Cognitive Delays And Impairment
Your child’s cognitive development is one of the most important aspects of his growth, as it is here where he hones his senses and develops his brain in order to interact with the world around him. Thus, any problem in this area can have a major impact not only on his growth but also on his whole life. In this post, we will take a look at some of such problems you and your child will encounter and how you can spot and deal with them.
What are the kinds of cognitive problems?
As cognitive development encompasses a large number of different areas of your child’s growth, there are a lot of problems that you might encounter. However, the most common of these are developmental delays. Developmental delays occur when developmental milestones do not occur at the expected period or do not happen at all.
It is worth noting that it can sometimes be difficult to differentiate between true developmental delay and “delays” that are simply a product of variation in development times between children. Sometimes, what might look like a delay would suddenly spur a development and your child would proceed normally from there. Hence, as a rule of thumb, if a particular milestone has not yet arrived two months after it is supposed to appear, then it should be considered as a sign of potential delay.
On the other hand, cognitive impairment is when your child’s cognitive faculties are not functioning properly. For instance, your child’s seem as if he is slow to react to a ball rolled in front of him. Often the impairment is accompanied by the impairment of a related body part, such as poor eyesight. Also, cognitive delays go alongside impairment, as the former is often caused by the latter.
What causes delays and impairment?
Often, these delays and impairments are brought about by genetic disorders. Down syndrome is one of the most recognized genetic-based cognitive disorders and is characterized by severe mental and cognitive impairment. Before, it was difficult to diagnose these disorders. However, with the emergence of new prenatal genetic testing methods, doctors are now able to determine the probability of your child developing such disorders even before he is born. This is useful in devising a comprehensive care plan for your kid once he comes out into the world.
The mother’s condition during pregnancy also has a significant effect on the developing fetus and can contribute to possible cognitive delays and impairments. For instance, infections and illness contracted during pregnancy can lower the mother’s immune system and cause infections to the baby. On the other hand, babies whose mother drink a lot during pregnancy run a high risk of contracting a condition known as fetal alcohol syndrome, which can lead to cognitive and intellectual impairment.
Post-natal illnesses and trauma can also sometimes lead to cognitive impairment and delays. However, since these are more readily detectable, swift mitigation and prevention can be done.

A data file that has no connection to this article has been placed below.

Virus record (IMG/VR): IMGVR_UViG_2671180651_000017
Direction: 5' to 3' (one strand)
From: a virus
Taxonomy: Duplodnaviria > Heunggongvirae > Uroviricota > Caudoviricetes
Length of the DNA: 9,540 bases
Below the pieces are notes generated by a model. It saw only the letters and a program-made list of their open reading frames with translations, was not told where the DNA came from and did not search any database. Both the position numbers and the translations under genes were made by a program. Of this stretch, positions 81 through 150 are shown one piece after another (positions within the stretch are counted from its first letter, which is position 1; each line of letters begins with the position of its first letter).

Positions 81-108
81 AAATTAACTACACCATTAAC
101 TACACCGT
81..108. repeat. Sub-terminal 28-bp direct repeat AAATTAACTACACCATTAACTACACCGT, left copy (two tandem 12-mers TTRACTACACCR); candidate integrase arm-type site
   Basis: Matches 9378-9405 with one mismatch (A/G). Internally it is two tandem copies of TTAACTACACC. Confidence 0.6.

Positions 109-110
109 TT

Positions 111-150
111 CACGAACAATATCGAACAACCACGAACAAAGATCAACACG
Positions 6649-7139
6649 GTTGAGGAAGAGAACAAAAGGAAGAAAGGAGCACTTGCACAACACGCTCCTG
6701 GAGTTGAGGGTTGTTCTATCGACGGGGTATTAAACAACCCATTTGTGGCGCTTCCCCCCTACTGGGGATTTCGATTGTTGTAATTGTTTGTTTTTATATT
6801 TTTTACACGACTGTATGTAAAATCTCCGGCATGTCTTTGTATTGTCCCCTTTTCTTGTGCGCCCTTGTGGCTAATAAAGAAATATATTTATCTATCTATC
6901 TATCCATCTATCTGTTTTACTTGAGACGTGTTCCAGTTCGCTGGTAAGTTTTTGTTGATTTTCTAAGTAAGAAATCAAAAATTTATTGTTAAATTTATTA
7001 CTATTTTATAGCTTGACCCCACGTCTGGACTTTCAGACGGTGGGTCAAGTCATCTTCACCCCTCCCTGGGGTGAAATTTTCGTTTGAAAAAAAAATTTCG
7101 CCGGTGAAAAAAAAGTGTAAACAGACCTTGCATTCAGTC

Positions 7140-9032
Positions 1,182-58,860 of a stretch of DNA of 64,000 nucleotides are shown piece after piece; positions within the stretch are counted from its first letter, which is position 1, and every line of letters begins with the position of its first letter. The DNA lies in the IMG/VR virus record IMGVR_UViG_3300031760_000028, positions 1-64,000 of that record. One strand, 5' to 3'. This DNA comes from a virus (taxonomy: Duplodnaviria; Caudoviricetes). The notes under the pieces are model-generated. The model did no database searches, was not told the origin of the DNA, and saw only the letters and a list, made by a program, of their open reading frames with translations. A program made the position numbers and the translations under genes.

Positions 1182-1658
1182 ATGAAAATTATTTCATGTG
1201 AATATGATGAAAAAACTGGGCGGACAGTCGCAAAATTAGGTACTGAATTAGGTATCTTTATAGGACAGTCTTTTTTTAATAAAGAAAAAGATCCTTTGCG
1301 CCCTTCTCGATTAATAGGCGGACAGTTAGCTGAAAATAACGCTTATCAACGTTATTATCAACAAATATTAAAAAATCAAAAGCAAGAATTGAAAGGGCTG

What are the signs of cognitive delays and impairment?
One of the most difficult things to deal with when it comes to detecting cognitive delays and impairments is that it can take a long time before the signs appear. Hence, even if your child is seemingly fine, constant monitoring is st a good practice.
How he responds to outside stimuli is often the biggest indicator of a delay or an impairment. For instance, by one-year-old, your baby is supposed to already know his name. Thus, if he does not respond when being called, it can indicate either hearing impairment or attention problems.
His behavior is also a key indicator of potential problems. Does he keep to himself too much? Is he having trouble expressing his thoughts? Does he suddenly burst into temper fits? If the answer here is mostly yes, then it is time to consult your pediatrician.
Dealing with cognitive delays and impairment
In most cases, therapy is the only way to deal with cognitive delays. The exact therapeutic procedure depends on the specific condition of your child. Here, early implementation is important, as the younger your child is when therapy begins, the more readily his brain is able to accept the treatment and grow. Luckily, though, many of the latest therapies have a high success rate for wider age ranges. In the case of cognitive impairments, however, these are lifelong conditions. Hence, the goal of therapy is to help the child adapt to and work with the condition he has. Often, this involves teaching him different techniques that he could use to work around his disability. In both cases, your role as a parent is very important for his progress. Don’t shelter him too much for fear that he might not be able to adapt. Let him freely explore his environment while still being at his side for support. This will definitely help him a lot to cope with his condition.